Many of these biblical injunctions amount to simple preventive maintenance. We all understand that over the long run it is easier and less expensive to take our automobiles in for regular mechanical check ups in order to prevent a break down from occurring rather than taking the car in after it has already broken down. As the saying goes, “an ounce of prevention is worth a pound of cure.” In other words, being proactive in order to prevent something bad from happening is better than reacting to a bad situation after it has already transpired. As Proverbs 27:12 puts it, “A prudent man foresees evil and hides himself; the simple pass on and are punished.” As we regularly obey a host of New Testament commands, we discover that we can actually prevent apostasy from occurring, which is better than making a difficult “up hill climb” back to divine truth after we have already apostatized. Similarly, by implementing a variety of New Testament commands, we can prevent apostasy from even occurring in our personal lives.
One such command is, “Test all things; hold fast what is good” (1 Thess. 5:21). How do believers “test all things”? One of the greatest gifts given to us by God is a reliable standard of divine truth through the closed canon of Scripture. The Holy Spirit, who authored the Scripture (2 Tim. 3:16; 2 Pet. 1:20-21), is not schizophrenic. It is impossible for the Holy Spirit to say one thing at one time and something contradictory another time. In other words, it is an impossibility for the Holy Spirit to reveal something in Scripture and then something entirely different through a human teacher, prophet, theologian, doctrine, philosophy, etc…Thus, believers can protect themselves from the apostasy that is so prevalent in our day by simply comparing everything we hear with the eternal Word of God. Those items taught to us that are consistent with what God has already revealed in Scripture are to be accepted and embraced while those things that are inconsistent with scriptural truth are to be rejected and discarded.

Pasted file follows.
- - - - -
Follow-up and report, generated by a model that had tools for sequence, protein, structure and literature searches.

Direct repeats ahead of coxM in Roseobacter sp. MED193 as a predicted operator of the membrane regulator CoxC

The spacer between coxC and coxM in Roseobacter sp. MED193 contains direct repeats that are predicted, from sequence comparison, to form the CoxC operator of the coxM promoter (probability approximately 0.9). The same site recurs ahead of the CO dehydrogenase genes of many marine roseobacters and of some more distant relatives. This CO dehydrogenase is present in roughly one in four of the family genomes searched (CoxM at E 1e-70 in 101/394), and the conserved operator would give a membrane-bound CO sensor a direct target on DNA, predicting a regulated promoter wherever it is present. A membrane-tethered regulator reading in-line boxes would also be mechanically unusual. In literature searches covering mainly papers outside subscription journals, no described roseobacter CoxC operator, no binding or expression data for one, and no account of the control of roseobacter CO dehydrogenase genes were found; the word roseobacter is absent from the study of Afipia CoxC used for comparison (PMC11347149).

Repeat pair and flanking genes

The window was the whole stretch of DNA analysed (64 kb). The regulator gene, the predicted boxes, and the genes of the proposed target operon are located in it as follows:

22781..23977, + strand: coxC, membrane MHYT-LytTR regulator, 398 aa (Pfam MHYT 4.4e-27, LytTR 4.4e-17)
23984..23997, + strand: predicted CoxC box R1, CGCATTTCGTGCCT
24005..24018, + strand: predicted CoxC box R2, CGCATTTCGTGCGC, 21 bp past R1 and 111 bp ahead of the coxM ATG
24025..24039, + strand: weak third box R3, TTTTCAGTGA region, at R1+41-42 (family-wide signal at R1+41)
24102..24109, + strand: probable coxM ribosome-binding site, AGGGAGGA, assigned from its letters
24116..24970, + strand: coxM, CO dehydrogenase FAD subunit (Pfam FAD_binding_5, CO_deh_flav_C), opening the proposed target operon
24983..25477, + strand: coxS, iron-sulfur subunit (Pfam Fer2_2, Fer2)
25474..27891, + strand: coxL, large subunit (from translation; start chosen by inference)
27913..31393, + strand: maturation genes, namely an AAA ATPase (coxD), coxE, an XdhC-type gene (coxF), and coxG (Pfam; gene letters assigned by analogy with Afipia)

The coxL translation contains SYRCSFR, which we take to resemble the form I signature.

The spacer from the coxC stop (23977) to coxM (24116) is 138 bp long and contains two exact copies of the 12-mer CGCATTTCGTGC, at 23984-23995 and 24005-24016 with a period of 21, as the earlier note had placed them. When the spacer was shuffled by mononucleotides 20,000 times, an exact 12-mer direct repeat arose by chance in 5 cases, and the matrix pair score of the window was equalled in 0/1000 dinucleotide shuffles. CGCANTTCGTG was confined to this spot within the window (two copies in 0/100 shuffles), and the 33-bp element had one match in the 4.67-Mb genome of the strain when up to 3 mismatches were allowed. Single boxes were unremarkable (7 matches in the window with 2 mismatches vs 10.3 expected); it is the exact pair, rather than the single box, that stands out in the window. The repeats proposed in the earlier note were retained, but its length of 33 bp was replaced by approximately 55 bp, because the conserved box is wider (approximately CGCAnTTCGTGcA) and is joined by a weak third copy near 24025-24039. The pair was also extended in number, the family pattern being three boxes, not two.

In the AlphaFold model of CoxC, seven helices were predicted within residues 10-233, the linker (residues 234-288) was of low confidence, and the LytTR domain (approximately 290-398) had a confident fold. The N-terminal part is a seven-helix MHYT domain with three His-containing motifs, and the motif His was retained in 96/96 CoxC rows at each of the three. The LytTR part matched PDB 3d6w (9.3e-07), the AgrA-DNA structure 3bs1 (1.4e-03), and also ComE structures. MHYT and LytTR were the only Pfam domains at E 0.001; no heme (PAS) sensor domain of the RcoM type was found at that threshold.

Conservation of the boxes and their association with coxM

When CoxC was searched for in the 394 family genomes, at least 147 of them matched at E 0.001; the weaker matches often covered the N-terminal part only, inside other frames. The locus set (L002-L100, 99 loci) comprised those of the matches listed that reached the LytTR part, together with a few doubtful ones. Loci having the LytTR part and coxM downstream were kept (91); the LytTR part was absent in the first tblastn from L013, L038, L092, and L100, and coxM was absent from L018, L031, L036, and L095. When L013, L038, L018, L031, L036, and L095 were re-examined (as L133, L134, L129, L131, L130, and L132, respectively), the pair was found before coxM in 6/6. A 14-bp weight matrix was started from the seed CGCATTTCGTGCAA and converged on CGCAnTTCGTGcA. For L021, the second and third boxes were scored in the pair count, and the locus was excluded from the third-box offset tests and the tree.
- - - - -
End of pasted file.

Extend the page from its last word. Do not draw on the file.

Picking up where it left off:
Of course, the command to “test all things” in this manner is replete throughout the Bible. This exhortation is as old as 1405 B.C. when Moses on the plains of Moab exhorted the Jews who were on the verge of entering Canaan not to believe every prophet. He explained, “If there arises among you a prophet or dreamer of dreams, and he gives you a sign or wonder, and the sign or the wonder comes to pass, of which he spoke to you, saying, ‘Let us go after other gods which you have not known, and let us serve them,’ you shall not listen to the words of that prophet…” (Deut 13:1-3). Here, Moses explains that the test of truth is not an experience or even a miraculous manifestation from a prophet who “arises among you.” Rather, truth is determined by whether the prophet’s message is in conformity with prior divine revelation. In this case it is not since the prophet’s exhortation to “go after other gods” contradicts the first two commandments in the previously revealed Decalogue (Exod 20:1-6; Deut 5:6-10). These verses are especially important for today’s experientially based Christianity, which is prone to attach divine authority to a message based upon a subjective experience, a miraculous manifestation,1 or even the giftedness of the presenter. Paul taught the same principle in the New Testament when he told the Galatians, “But even if we, or an angel from heaven, preach any other gospel to you than what we have preached to you, let him be accursed” (Gal. 1:8). Notice that Paul explained that divine authority should not be ascribed to a teaching made either by him or any other apostle or even an angel2 if such a teaching contradicted what prior revelation taught concerning the gospel.